An amateur musician, Harris was intimately concerned with the acoustic capabilities of this new church he was designing. He soon dreamt up an idea that would combine his love of music and architecture, as well as revolutionize venue acoustics to this day: what if the inside of a church could operate like the inside of musical instruments? In other words, Harris hatched a plan to manipulate the materials and space in his church design in a way that would provide spectacular acoustic effects with a minimum amount of echo.
In 1902, about 120 years ago, an official blessing and opening ceremony for St. Mary’s was held. Fans of Indian River Festival, or Island history buffs, may recognize this photo of the church’s early congregation. The snapshot was originally taken in black-and-white film with the colour digitally re-added later on. An interesting fact that Bertha uncovered was “the Church wasn’t originally white. It actually started out as a sort of reddish-brown ocher colour with grey trim, and it was repainted some years later. When they were doing renovations on the church, the contractors noticed coloured paint underneath the coats of white paint.” Bertha was surprised to find that some people were shocked by the idea that the church hadn’t always been its trademark white.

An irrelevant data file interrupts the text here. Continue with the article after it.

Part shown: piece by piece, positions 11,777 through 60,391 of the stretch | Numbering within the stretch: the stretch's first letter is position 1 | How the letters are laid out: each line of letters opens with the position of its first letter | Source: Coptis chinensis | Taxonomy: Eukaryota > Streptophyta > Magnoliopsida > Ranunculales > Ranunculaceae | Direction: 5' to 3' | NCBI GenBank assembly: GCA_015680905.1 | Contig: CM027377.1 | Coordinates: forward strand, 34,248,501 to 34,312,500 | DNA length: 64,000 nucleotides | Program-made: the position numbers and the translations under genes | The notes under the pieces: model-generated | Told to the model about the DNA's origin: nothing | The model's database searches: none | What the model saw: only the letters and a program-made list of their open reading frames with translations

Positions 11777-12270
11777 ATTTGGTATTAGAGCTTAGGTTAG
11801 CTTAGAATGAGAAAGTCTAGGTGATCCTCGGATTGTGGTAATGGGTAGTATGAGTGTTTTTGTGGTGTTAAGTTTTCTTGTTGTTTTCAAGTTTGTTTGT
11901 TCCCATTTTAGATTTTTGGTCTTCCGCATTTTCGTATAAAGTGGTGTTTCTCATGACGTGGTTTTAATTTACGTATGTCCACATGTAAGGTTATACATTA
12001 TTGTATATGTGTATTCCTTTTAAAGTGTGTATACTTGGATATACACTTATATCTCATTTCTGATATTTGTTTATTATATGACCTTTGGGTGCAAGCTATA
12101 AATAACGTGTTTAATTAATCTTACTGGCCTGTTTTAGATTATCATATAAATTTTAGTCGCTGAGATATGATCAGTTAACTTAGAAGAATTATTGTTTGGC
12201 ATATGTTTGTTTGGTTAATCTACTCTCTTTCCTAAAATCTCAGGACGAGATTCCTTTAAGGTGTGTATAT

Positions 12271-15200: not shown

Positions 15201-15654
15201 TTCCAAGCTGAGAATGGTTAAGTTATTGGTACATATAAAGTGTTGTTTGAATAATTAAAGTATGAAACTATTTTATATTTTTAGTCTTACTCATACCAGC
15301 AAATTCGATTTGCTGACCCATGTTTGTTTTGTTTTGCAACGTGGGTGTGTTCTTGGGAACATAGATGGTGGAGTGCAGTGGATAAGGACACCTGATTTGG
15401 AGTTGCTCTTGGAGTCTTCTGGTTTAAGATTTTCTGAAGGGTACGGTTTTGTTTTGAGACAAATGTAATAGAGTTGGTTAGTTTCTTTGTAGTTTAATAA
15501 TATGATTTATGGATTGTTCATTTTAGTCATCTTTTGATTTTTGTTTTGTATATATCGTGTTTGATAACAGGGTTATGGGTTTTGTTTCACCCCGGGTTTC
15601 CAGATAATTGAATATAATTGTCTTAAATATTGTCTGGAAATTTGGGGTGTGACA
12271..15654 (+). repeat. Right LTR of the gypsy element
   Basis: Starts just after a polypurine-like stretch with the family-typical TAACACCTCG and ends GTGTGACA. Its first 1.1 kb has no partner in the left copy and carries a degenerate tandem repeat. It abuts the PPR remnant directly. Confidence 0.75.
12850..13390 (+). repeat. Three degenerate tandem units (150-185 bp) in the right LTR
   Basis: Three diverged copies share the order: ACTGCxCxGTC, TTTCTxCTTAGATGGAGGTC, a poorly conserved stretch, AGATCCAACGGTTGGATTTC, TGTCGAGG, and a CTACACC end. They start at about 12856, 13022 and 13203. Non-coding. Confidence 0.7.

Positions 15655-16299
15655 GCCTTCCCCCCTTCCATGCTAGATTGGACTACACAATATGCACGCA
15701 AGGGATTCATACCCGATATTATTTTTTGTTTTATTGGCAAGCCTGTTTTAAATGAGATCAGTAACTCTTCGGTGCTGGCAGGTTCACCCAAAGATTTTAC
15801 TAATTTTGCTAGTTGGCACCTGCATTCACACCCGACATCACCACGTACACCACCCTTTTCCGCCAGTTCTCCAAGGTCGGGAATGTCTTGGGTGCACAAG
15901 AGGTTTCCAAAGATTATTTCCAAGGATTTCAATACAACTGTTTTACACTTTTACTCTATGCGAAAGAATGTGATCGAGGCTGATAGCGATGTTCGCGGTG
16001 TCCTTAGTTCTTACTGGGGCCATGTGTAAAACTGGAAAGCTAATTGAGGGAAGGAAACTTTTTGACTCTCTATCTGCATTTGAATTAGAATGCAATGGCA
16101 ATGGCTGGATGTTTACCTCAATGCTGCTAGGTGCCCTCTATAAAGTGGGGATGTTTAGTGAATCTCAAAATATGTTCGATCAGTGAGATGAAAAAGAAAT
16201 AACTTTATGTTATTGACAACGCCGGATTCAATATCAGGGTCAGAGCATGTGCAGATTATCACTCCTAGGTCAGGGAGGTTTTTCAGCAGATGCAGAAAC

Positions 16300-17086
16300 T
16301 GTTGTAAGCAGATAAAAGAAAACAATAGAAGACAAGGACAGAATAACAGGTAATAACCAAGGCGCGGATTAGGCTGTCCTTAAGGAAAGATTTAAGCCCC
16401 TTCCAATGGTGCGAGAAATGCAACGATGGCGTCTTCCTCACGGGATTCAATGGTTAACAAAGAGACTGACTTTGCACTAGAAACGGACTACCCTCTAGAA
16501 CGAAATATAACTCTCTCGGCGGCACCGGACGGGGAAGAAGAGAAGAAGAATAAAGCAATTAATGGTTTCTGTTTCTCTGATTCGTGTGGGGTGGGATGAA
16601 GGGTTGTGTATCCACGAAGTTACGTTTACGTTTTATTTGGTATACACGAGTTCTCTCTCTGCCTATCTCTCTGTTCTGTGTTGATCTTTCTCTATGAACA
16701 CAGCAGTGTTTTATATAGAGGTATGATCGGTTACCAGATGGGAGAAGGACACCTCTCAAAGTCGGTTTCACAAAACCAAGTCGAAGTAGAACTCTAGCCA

More than just a list of facts and figures, Historic St. Mary’s: A Brief Account of Three Indian River Churches 1814-2020 weaves a narrative of the church and its patrons, uncovering the stories that hide in every nook and cranny of the heritage building. “I wanted to tell the story of St. Mary’s, not just the history” says Bertha, who spent as much time talking to locals as she did digging through archives. Her book relies on some of the oral history of Indian River’s inhabitants, many of which are childhood friends and family, as well as her own memories of the building.
Having attended St. Mary’s church as a child, Bertha remembers the building before it became home to the Indian River Festival. Back in those days, Mass was only held in the building’s main church during the summer months; in the winter, the parishioners used the cozy vestry to the left of the entrance as it was the only section of the church with heat. Eventually, holding Mass in the vestry became impractical, and church goers went to Kensington for the winter services.